Pro-Syrian general routs Lebanese opposition

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The Independent Online

President Emile Lahoud appears to have won Lebanon's first free elections in 30 years. A pro-Syrian, Mr Lahoud, wasn't standing, of course - he's safe, for almost another three years.

President Emile Lahoud appears to have won Lebanon's first free elections in 30 years. A pro-Syrian, Mr Lahoud, wasn't standing, of course - he's safe, for almost another three years.

But his decision to let the rebel anti-Syrian, General Michael Aoun ,return to the country after 15 years of exile to participate in the third round of Lebanon's election has - as those close to Mr Lahoud say he predicted - torn the anti-Syrian opposition apart.

Genera Aoun, who has compared himself to Napoleon, Charles de Gaulle and Alexander the Great -his Maronite supporters always like messianic figures - gained 21 of the 58 seats contested on Sunday, giving him a decisive vote in the next parliament.

Woe upon those who thought that the outrage generated by ex-premier Rafik Hariri's murder would produce a united opposition, safeguarded by the dead man's son Saad and the Druze leader, Walid Jumblatt, who was a civil war enemy of General Aoun.

Hariri Jnr swept up the seats in Beirut just over two weeks ago - just as Syria's Shia Hizbollah allies did a week later in the south of the country - but Sunday's poll brought disaster to those who believed a strong opposition majority could legislate President Lahoud out of office and turn Lebanon into a free country.

"Haram," as they say in the Arab world - "pity" - for those who thought the Lebanese "spring" would flourish. General Aoun fought a hopeless 18-month "war of independence" against the Syrian army in 1989 and 1990, eventually being ousted from the presidential palace by an American-approved Syrian air strike - those were the days when Syria was Washington's friend in the "coalition" against Saddam's occupation of Kuwait. General Aoun fled to the French ambassador's residence in his pyjamas, leaving his soldiers to their dismal - and bloody - fate.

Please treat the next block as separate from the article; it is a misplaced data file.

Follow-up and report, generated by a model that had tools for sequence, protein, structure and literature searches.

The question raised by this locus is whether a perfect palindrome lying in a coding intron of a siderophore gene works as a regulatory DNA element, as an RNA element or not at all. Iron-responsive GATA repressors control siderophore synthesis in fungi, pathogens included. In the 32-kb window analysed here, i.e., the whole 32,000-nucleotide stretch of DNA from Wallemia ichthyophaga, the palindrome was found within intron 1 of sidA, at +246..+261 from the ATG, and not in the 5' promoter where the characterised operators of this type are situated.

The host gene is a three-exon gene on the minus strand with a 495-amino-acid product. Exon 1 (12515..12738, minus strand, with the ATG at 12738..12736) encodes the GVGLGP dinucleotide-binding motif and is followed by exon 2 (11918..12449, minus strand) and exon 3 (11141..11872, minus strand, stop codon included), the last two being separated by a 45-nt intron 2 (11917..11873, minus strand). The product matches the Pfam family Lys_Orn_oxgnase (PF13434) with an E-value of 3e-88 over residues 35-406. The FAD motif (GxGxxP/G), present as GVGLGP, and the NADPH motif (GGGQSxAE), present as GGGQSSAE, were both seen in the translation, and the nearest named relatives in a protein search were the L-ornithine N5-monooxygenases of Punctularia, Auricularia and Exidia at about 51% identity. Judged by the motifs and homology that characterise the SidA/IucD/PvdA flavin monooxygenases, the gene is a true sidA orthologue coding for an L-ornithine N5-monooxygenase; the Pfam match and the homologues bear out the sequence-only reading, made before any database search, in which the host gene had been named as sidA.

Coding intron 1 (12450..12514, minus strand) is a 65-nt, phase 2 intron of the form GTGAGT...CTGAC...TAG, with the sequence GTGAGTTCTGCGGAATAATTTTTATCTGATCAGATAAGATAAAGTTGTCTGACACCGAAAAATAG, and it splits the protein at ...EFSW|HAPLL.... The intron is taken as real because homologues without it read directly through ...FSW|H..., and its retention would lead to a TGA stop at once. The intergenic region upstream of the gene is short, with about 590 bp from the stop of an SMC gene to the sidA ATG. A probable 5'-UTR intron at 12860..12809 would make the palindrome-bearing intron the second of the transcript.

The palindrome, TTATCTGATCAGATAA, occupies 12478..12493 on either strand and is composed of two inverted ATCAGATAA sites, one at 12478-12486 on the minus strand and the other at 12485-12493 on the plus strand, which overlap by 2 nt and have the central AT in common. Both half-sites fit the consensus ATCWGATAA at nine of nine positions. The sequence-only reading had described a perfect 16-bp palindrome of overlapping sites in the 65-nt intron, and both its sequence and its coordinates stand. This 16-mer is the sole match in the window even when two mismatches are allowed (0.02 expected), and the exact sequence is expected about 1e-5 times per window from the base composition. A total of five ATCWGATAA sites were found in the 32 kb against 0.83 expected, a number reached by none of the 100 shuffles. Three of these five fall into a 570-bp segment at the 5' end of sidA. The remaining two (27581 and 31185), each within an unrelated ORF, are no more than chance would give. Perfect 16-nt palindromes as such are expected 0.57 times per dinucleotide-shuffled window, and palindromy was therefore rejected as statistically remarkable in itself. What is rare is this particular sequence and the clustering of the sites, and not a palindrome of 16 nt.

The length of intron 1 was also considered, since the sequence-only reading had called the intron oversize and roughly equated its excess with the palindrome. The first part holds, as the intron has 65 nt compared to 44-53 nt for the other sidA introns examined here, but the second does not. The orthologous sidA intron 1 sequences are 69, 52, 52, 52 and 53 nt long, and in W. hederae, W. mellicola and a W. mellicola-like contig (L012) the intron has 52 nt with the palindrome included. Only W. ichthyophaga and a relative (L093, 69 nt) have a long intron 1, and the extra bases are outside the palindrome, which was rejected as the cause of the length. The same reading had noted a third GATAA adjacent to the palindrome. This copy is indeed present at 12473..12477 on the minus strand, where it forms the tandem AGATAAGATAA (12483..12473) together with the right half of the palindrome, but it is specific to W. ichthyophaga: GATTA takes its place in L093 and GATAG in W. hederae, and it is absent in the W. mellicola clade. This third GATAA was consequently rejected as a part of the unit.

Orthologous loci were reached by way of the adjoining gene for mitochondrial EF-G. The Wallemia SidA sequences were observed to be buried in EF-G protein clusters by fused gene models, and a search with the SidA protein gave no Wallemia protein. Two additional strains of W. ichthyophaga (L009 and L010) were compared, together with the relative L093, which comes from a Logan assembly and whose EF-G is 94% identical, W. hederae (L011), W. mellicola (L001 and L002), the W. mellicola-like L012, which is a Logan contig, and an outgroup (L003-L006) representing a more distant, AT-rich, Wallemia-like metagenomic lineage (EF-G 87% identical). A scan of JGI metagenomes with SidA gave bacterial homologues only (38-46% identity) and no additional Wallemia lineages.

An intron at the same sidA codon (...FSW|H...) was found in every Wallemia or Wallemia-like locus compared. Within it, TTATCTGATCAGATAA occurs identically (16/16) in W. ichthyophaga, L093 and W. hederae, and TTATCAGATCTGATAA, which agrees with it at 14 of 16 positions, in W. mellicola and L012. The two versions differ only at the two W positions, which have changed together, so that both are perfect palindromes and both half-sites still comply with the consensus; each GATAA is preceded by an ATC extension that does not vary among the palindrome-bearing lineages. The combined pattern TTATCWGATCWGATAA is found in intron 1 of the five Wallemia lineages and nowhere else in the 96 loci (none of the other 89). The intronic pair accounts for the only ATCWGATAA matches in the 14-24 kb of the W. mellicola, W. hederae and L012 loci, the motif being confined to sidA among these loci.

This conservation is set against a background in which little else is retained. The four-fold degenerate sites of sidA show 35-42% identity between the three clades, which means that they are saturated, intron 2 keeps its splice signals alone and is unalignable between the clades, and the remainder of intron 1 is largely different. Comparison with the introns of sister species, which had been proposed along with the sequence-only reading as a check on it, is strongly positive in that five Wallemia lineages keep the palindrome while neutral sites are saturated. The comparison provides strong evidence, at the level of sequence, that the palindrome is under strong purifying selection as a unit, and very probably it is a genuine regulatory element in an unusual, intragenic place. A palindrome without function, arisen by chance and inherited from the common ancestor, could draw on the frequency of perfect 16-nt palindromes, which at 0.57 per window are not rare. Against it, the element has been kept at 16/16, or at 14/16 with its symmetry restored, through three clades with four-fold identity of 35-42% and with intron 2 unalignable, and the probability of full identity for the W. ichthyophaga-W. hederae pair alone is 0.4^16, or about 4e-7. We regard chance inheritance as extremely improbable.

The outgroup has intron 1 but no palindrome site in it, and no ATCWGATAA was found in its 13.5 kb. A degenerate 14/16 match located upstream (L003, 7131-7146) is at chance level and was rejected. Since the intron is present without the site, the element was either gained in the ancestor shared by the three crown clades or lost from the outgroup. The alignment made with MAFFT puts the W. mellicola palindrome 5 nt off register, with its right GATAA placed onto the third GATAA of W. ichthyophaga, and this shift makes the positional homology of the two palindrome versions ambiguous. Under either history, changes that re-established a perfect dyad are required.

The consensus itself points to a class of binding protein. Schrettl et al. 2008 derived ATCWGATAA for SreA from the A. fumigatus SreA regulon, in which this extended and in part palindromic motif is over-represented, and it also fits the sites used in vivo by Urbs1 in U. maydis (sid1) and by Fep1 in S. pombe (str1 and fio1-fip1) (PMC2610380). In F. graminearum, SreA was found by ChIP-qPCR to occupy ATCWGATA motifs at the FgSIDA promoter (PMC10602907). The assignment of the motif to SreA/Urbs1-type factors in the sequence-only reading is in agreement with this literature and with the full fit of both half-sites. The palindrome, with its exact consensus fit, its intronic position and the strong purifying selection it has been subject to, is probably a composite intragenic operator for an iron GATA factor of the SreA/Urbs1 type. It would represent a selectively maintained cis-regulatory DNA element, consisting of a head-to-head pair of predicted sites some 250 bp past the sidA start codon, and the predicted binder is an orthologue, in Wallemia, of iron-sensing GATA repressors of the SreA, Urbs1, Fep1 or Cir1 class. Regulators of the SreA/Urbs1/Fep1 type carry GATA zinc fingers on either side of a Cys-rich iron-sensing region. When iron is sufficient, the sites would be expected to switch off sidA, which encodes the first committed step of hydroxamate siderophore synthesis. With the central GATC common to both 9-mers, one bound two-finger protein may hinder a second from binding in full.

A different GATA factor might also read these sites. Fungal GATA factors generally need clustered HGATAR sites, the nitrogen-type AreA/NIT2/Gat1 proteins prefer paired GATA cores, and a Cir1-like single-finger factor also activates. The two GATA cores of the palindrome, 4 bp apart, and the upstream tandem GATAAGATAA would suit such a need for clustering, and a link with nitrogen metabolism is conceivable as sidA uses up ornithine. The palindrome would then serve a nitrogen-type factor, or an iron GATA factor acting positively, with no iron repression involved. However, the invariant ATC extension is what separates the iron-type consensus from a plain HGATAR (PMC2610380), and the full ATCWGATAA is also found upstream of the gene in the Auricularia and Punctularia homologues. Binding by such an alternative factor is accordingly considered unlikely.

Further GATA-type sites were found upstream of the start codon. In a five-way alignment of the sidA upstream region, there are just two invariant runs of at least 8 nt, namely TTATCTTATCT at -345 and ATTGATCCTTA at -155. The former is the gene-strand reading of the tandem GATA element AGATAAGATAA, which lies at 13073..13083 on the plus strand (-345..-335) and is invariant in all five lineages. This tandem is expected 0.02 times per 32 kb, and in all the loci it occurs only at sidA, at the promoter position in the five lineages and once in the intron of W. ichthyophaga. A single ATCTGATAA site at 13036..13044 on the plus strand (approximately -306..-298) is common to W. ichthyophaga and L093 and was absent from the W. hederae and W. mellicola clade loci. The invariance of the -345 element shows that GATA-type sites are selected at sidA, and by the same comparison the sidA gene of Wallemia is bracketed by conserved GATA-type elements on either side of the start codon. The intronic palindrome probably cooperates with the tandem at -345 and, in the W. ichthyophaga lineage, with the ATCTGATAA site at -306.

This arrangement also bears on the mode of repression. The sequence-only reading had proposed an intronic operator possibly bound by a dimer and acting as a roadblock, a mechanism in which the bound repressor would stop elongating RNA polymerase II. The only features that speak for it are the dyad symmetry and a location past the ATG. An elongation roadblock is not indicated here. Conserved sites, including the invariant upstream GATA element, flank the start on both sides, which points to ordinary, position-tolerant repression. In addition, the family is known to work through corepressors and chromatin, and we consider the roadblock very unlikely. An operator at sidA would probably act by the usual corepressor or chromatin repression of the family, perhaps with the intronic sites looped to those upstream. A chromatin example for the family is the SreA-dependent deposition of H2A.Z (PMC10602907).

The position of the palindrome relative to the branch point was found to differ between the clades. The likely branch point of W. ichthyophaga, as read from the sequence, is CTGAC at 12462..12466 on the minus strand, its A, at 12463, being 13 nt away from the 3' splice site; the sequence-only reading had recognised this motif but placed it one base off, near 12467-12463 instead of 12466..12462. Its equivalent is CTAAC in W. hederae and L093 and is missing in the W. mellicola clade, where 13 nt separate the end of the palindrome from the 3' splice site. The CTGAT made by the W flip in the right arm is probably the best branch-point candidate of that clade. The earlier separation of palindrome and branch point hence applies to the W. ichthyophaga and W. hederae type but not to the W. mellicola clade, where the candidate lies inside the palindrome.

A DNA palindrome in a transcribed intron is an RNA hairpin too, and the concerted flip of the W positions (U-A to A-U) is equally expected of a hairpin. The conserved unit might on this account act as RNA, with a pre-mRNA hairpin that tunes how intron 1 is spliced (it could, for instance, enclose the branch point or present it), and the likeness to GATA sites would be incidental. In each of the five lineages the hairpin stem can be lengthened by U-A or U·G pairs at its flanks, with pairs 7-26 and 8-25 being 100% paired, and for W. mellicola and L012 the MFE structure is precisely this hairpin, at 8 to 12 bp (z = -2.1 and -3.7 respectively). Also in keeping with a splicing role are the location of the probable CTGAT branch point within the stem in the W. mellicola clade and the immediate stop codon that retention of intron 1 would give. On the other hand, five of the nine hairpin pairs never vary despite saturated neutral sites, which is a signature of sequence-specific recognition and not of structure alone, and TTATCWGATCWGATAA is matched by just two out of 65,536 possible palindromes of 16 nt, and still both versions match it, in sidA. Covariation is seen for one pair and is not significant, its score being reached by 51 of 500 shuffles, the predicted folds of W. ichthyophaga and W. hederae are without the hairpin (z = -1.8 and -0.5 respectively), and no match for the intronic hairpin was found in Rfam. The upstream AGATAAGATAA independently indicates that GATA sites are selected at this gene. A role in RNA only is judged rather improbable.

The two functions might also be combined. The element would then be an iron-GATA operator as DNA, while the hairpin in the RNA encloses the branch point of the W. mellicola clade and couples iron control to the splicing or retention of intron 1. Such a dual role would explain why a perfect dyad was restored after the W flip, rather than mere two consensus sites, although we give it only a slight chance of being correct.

But he returned to Lebanon, courtesy of his nemesis President Lahoud, to claim he - not Rafik Hariri's murder and Walid Jumblatt's condemnation of the Syrians - forced the Syrian army to withdraw.

Hariri's son and Jumblatt, he claimed outrageously, were worse than the former Syrian intelligence commander in Lebanon. But it worked. His supporters voted for him, thanks partly to his extraordinary decision to share his political list with pro-Syrian politicians. Even a popular opposition Christian candidate who might have become Mr Lahoud's replacement, Nasib Lahoud (no relation), was defeated.

Yes, it was a democratic election but General Aoun's presence, in effect, destroyed any opposition hope of gaining 85 seats in the 128-seat parliament - which would have allowed them to change the constitution and boot out President Lahoud. They have 46 seats - Aoun has 21 - and need 65 even to form a majority in the assembly. Next weekend's final elections in northern Lebanon will decide their fate. General Aoun's pragmatism - some might say cynicism - has allowed him to ally himself with one of Syria's closest allies in Lebanon, the former interior minister Sulieman Franjieh, for the next round.

General Aoun, it is clear, had far greater Christian support than his own Maronite opponents realised.

His 15-year exile in the comfort of Paris has been portrayed as a Christ-like suffering, a martyrdom endured for the future freedom and democratic power of Lebanon, by his adoring supporters who cannot understand the opposition claims that he might be more interested in the future of his own power rather than Lebanon's.

When he ruled east Beirut in 1989, he banned newspapers, locked up opponents and fought battles with his Christian rivals.

But few are without blood on their hands in Lebanon - Jumblatt has lots, too - and this country is probably doomed to revisit the betrayals of the civil war in its next parliament. Twenty-eight seats are on offer in the elections next Sunday. The opposition needs 19 of them to control parliament. Don't hold your breath.